Lifestyle * Travel * Food

Oct 10, 2016

School Trips Becoming Too Expensive for Parents

School trips are part and parcel of school life. We all remember going on residential visits with school. I know I do. When I was 11, my entire Year 6 class flew to Switzerland for a week and we had a fabulous time learning about glaciers and listening to the cow bells jingle in the early mornings. I am sure my parents probably had to scrimp and scrape to be able to afford the trip, but they managed and I was lucky enough to go.

A Once in a Lifetime Experience

That was an exceptional trip, a once in a lifetime experience, and something I still remember many years later. Back then, trips like this were a rarity and were often subsidised by the school. These days it is becoming increasingly common for schools to organise prohibitively expensive field trips for students. Parents often have to borrow the money to pay for the trip (for more information about the latest loan rates, click the link), but a survey carried out two years ago has found that many parents are saying they cannot afford the cost of school trips.

Examination Course Field Trips

The older your child is, the more likely they are to be asked to go on field trips as part of their examination course. Some subjects, for example geography, expect students to conduct research out in the field. This type of educational trip is a valuable part of the course, but the problem is that many parents cannot afford to pay and are discouraging their child to take the subject, even if they are interested in doing so.

Schools are even asking parents to fund other, non-essential field trips to museums, art galleries and the theatre. Music lessons also fall into this category. To study music, students usually have to play an instrument, which means parents have to pay for lessons, instrument hire, and examinations. The cost of this can be exorbitant.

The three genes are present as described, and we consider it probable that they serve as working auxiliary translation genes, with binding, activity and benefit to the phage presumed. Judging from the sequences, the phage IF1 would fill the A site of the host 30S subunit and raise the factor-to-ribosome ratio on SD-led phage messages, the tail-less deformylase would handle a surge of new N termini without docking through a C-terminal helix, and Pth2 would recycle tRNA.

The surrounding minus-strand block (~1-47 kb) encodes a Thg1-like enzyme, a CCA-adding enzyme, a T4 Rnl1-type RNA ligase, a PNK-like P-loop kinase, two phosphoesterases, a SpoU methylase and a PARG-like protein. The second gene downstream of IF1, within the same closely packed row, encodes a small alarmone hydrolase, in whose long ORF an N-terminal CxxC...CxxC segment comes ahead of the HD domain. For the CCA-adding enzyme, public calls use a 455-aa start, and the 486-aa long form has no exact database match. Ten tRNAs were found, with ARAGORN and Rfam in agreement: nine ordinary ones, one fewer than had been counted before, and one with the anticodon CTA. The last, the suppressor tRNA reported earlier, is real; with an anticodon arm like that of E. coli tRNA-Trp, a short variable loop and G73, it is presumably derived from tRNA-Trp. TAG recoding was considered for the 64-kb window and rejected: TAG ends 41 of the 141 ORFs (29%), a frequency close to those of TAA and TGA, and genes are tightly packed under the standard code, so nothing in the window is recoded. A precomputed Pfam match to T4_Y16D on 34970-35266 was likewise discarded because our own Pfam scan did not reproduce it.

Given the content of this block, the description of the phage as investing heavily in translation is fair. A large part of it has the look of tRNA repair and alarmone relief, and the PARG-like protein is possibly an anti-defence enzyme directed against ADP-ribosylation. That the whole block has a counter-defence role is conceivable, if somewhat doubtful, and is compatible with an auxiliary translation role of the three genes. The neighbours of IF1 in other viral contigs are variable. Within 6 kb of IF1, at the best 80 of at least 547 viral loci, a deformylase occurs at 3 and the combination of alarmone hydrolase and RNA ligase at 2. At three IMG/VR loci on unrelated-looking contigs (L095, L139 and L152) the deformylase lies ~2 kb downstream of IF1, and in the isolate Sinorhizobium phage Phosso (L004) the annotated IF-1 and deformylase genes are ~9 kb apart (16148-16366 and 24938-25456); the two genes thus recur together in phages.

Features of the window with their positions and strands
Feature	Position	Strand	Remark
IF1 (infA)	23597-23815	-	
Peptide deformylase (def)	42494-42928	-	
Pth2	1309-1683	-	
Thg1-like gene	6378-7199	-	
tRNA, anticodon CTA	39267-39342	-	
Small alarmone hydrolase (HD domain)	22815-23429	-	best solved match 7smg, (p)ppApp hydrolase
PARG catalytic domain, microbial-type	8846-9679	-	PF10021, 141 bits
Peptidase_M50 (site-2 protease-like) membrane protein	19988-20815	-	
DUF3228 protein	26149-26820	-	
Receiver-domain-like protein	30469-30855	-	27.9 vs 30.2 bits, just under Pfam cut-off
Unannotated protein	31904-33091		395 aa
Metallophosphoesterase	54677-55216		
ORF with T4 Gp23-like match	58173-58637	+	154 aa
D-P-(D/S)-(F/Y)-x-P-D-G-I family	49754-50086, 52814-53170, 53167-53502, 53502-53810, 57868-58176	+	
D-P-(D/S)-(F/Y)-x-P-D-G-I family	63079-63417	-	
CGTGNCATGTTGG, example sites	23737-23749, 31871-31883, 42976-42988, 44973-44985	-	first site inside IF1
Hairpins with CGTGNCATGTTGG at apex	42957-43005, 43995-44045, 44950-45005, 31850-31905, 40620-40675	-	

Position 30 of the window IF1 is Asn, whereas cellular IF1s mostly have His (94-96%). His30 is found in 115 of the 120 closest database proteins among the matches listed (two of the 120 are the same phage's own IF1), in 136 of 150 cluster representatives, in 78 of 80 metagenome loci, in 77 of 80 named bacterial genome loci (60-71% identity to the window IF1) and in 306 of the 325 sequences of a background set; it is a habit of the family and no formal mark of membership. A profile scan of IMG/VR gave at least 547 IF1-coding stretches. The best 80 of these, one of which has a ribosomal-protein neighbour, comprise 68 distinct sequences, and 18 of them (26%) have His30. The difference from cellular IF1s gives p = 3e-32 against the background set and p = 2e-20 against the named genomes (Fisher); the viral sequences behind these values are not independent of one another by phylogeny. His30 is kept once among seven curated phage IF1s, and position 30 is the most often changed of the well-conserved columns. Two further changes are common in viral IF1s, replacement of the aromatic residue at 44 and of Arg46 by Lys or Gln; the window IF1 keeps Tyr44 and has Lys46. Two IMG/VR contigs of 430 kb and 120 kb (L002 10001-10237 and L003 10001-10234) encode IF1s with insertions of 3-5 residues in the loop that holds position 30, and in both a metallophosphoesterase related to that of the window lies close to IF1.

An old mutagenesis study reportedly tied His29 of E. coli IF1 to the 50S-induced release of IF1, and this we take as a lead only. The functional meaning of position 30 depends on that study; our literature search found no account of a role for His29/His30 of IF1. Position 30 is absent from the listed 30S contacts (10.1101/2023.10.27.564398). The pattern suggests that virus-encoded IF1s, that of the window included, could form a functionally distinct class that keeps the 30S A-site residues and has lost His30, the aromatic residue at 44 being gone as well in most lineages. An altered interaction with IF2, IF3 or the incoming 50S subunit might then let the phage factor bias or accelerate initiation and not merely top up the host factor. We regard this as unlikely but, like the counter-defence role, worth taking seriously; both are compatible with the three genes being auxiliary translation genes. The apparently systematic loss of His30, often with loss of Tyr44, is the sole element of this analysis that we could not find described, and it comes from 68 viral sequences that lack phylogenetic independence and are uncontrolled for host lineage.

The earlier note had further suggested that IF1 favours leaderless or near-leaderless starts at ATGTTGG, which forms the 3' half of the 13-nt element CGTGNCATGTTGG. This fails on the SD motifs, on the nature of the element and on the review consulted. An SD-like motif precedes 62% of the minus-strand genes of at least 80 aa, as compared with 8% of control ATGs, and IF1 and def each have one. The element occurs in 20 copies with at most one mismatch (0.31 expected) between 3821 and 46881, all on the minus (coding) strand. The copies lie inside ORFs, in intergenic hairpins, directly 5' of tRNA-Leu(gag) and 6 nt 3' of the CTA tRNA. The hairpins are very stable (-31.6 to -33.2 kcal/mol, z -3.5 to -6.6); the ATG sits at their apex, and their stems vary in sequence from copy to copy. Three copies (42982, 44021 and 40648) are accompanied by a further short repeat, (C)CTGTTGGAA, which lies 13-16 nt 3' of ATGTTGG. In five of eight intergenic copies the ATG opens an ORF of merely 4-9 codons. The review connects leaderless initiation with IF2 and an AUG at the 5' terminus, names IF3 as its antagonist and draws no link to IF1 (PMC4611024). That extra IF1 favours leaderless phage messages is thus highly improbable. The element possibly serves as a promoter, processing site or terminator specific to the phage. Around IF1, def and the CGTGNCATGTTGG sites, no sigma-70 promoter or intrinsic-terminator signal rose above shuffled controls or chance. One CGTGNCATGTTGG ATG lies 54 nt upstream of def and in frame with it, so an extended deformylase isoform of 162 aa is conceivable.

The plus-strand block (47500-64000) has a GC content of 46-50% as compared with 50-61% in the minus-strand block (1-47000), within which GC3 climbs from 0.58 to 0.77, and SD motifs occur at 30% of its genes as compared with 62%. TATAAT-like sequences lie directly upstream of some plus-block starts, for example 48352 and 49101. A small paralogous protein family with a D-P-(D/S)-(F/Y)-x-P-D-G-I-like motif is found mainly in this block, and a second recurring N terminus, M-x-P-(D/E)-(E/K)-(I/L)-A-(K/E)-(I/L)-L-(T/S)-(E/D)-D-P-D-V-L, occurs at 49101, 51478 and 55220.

Expensive Foreign Trips

The cost of educational trips to foreign countries is also on the rise. It is not uncommon for parents to be asked to find £1,000 or more to pay for a trip abroad. For many families, this represents their budget for a family holiday, so if the child is allowed to go, nobody else gets a holiday that year.

For kids with two parents who both earn a good living, paying for school trips and educational extras is not a problem, but if a child comes from a single parent family subsisting on benefits or a low income, the cost is prohibitive. Consequently, it is not surprising that many parents say they can’t afford it and refuse to let their child participate. Expensive field trips are simply not accessible for many parents.

There is very little parents can do if the school asks them to fund an expensive field trip for their child, other than say no. Some schools have a hardship fund, which is designed to subsidise children from poorer families, but if you both work, you probably won’t qualify for assistance.

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